Monica Paolillo:

Involve localization experts at all stages of film production

Subtitlers ensure creative intent is fulfilled

Riccardo Mimmi (www.auvitranslator.pro), accomplished professional film translator and subtitler in  Italy, believes that involving subtitling and localization experts at the earliest stages of film production can prove to be extremely useful.
He has been translating and subtitling hundreds of high-profile movies, TV series, and documentaries from major Hollywood studios, broadcast networks and online streaming companies such as Netflix and Amazon over the course of his entire career, such as ‘The Man in the High Castle’, ‘Vikings’, ‘The Americans’, ‘The Office’ and many others.
He points out, “Something apparently as simple as a different cut of the film could result in a different translation choice due to time, colour, sound, or other factors. Part of a subtitler’s job can be regarded as that of a film dialogue author. A paramount goal is to maintain the meaning and especially the impact of the original version while also keeping the dialogue interesting, entertaining, and suited to the target audience, without losing each character’s personality. A plain translation might in fact be faithful to the original but also very boring to the viewers, hence ruining the experience. Adding the technical constraints of subtitles to the equation, the translation might deviate from the most obvious or straightforward solution, so to that end, collaboration and communication with the filmmakers at all stages should be encouraged, ensuring their creative intent and characterization is fulfilled.”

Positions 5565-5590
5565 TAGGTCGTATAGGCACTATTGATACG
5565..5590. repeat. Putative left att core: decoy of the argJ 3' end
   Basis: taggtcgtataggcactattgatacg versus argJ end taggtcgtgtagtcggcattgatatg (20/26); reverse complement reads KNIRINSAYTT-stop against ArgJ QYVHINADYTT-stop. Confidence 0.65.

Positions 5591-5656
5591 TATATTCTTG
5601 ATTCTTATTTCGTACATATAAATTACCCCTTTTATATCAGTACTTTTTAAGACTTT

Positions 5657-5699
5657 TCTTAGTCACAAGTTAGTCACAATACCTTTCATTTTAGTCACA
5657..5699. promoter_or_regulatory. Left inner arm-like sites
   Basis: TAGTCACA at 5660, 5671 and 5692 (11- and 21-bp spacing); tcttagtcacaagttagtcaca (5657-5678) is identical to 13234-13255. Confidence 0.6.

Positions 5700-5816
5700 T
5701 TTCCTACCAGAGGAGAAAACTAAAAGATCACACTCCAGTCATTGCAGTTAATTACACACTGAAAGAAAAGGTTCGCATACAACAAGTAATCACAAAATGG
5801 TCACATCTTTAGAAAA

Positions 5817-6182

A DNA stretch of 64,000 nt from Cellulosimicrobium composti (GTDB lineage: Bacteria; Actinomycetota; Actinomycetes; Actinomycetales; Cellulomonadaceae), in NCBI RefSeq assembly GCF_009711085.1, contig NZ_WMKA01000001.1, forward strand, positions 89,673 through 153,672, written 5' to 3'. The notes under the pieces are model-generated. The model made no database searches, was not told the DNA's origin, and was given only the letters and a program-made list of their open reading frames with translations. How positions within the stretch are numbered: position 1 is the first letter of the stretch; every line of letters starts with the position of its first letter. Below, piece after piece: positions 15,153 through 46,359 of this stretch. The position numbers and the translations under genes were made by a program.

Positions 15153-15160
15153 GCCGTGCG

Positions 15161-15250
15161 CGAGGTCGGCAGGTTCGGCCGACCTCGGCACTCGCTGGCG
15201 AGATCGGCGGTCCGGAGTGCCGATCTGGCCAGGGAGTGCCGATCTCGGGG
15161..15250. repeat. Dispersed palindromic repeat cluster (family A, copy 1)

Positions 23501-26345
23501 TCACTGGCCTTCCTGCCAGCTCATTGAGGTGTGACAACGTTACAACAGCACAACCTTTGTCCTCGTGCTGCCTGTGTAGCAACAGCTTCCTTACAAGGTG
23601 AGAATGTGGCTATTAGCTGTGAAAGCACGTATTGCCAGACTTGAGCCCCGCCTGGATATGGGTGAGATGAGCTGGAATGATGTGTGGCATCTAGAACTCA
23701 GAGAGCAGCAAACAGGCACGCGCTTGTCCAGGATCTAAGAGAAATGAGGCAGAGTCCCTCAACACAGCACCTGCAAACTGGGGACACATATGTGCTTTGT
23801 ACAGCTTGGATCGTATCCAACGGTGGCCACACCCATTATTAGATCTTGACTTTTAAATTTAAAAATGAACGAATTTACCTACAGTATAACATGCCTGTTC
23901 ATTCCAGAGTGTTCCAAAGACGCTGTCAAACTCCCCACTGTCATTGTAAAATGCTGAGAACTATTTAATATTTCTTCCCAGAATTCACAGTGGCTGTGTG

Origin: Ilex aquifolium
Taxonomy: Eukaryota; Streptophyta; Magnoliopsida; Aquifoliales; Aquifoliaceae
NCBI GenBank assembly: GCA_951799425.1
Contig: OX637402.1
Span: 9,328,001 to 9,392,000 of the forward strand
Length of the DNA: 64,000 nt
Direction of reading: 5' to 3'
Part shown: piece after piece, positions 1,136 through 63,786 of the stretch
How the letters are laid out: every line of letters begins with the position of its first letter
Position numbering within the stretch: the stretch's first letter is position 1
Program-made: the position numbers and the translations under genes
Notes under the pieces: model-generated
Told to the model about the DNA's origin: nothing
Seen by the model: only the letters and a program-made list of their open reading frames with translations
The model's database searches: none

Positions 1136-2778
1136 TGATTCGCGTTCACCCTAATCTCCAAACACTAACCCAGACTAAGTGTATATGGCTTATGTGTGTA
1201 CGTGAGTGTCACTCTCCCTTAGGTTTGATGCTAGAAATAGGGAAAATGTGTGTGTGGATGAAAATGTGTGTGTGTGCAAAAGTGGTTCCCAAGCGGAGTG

More about Riccardo Mimmi:

www.auvitranslator.pro

www.linkedin.com/in/riccardomimmi/